An abusive boss may be condescending, competitive, or downright disrespectful to their employees. In some cases, they may act like bullies, and they might lose their temper (or sense of control) in the workplace. Abusive bosses can undoubtedly make for a hostile work environment, so it’s important to recognize the key warning signs, including the inability to take feedback and gaslighting.
Unfortunately, abusive relationships happen in all kinds of dynamics; however, most people only consider them in the context of parent-child or romantic relationships. In the workplace, such abuse may be more insidious. For instance, you may worry that you’re overreacting to the situation, or dismiss your boss’s behavior because they have authority over you, but the cycle of abuse can persist and impact your physical and emotional well-being.
“Toxic work environments cause health problems,” says Dr. Gary Namie of the Workplace Bullying Institute. “Trouble is that it is difficult to detect one’s personal gradual slide into ill health. Better to trust your physician’s opinion and indicators of the onset of stress-related health problems (e.g., hypertension, colitis, ulcers, cardiac issues, compromised immune system, onset of an autoimmune disorder, musculoskeletal pain). Your family and friends will also notice a decline before you tend to recognize it yourself. Trust them.”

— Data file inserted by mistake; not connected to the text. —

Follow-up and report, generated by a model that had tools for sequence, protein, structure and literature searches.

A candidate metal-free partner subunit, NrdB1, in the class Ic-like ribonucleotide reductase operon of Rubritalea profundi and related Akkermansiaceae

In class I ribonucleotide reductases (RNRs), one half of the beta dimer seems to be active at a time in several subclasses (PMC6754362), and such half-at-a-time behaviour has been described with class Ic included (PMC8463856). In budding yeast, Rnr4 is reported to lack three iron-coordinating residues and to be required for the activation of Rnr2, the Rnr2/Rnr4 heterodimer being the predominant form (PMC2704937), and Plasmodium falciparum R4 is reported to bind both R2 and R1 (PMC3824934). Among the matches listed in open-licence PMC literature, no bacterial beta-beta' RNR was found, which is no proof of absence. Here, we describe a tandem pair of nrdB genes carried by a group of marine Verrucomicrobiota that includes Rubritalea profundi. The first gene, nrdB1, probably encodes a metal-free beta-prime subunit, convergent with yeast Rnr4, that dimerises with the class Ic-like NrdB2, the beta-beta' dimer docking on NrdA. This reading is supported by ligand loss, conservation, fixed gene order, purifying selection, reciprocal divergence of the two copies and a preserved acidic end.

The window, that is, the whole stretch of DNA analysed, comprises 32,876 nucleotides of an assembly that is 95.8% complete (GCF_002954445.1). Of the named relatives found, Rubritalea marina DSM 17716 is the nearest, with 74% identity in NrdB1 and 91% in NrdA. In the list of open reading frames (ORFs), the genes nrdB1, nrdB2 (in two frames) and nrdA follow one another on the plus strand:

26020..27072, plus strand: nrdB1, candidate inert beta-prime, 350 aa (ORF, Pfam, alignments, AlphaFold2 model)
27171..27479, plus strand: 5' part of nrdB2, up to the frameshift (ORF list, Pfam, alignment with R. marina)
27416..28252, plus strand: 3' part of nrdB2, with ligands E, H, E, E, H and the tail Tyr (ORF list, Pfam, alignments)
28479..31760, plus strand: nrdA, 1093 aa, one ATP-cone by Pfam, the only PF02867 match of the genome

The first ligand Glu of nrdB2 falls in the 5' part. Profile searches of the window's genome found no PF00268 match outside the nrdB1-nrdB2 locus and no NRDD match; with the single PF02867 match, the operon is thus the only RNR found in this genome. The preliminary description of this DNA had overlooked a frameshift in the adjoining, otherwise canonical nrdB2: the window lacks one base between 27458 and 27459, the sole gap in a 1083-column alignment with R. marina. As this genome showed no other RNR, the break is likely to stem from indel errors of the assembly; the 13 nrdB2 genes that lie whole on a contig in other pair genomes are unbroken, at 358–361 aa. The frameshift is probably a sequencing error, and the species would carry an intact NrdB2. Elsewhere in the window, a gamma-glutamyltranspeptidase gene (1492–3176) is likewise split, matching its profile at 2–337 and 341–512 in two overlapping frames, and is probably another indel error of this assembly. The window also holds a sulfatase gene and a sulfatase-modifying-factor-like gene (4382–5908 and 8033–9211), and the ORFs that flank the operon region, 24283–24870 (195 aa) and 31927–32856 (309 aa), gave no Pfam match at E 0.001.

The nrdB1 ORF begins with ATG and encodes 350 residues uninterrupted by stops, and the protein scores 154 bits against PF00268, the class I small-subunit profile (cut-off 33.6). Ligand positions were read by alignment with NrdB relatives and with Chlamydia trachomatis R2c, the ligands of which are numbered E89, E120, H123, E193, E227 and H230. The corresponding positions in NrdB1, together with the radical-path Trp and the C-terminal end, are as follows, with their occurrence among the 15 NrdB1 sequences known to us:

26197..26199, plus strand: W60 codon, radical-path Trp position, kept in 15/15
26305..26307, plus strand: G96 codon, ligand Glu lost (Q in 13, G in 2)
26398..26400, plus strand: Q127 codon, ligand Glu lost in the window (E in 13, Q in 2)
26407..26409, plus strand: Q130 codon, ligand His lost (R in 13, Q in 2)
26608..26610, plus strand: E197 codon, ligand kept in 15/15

Here are nineteen signs of an abusive boss:
1. Inability to Take Feedback
Abusive bosses often struggle with accepting personal responsibility or recognizing their own mistakes. As a result, they tend to get defensive when confronted. They may even shift the blame onto other people.
Gaslighting is one of the most destructive forms of abuse. Abusive bosses may use it to lie, downplay, or distort a particular situation. For example, they might insist they told you about a specific deadline when you’re sure they never did. Or, they might seem to enjoy “confusing” people about how to follow a certain protocol only to criticize them when they invariably make a mistake.1
3. Demanding Constant Praise
Many times, persistent feelings of inferiority drive a boss’s abusive behavior. This type of boss will want recognition or praise as often as possible. They may even fish for compliments in a way that seems embarrassingly obvious to others.
4. Yelling When Upset
Abusive bosses often struggle to control their tempers. These bosses can become unpredictable and even unhinged in meetings. Instead of expressing their needs appropriately, they resort to threatening tactics like shouting or threatening people.
5. Blatant Lying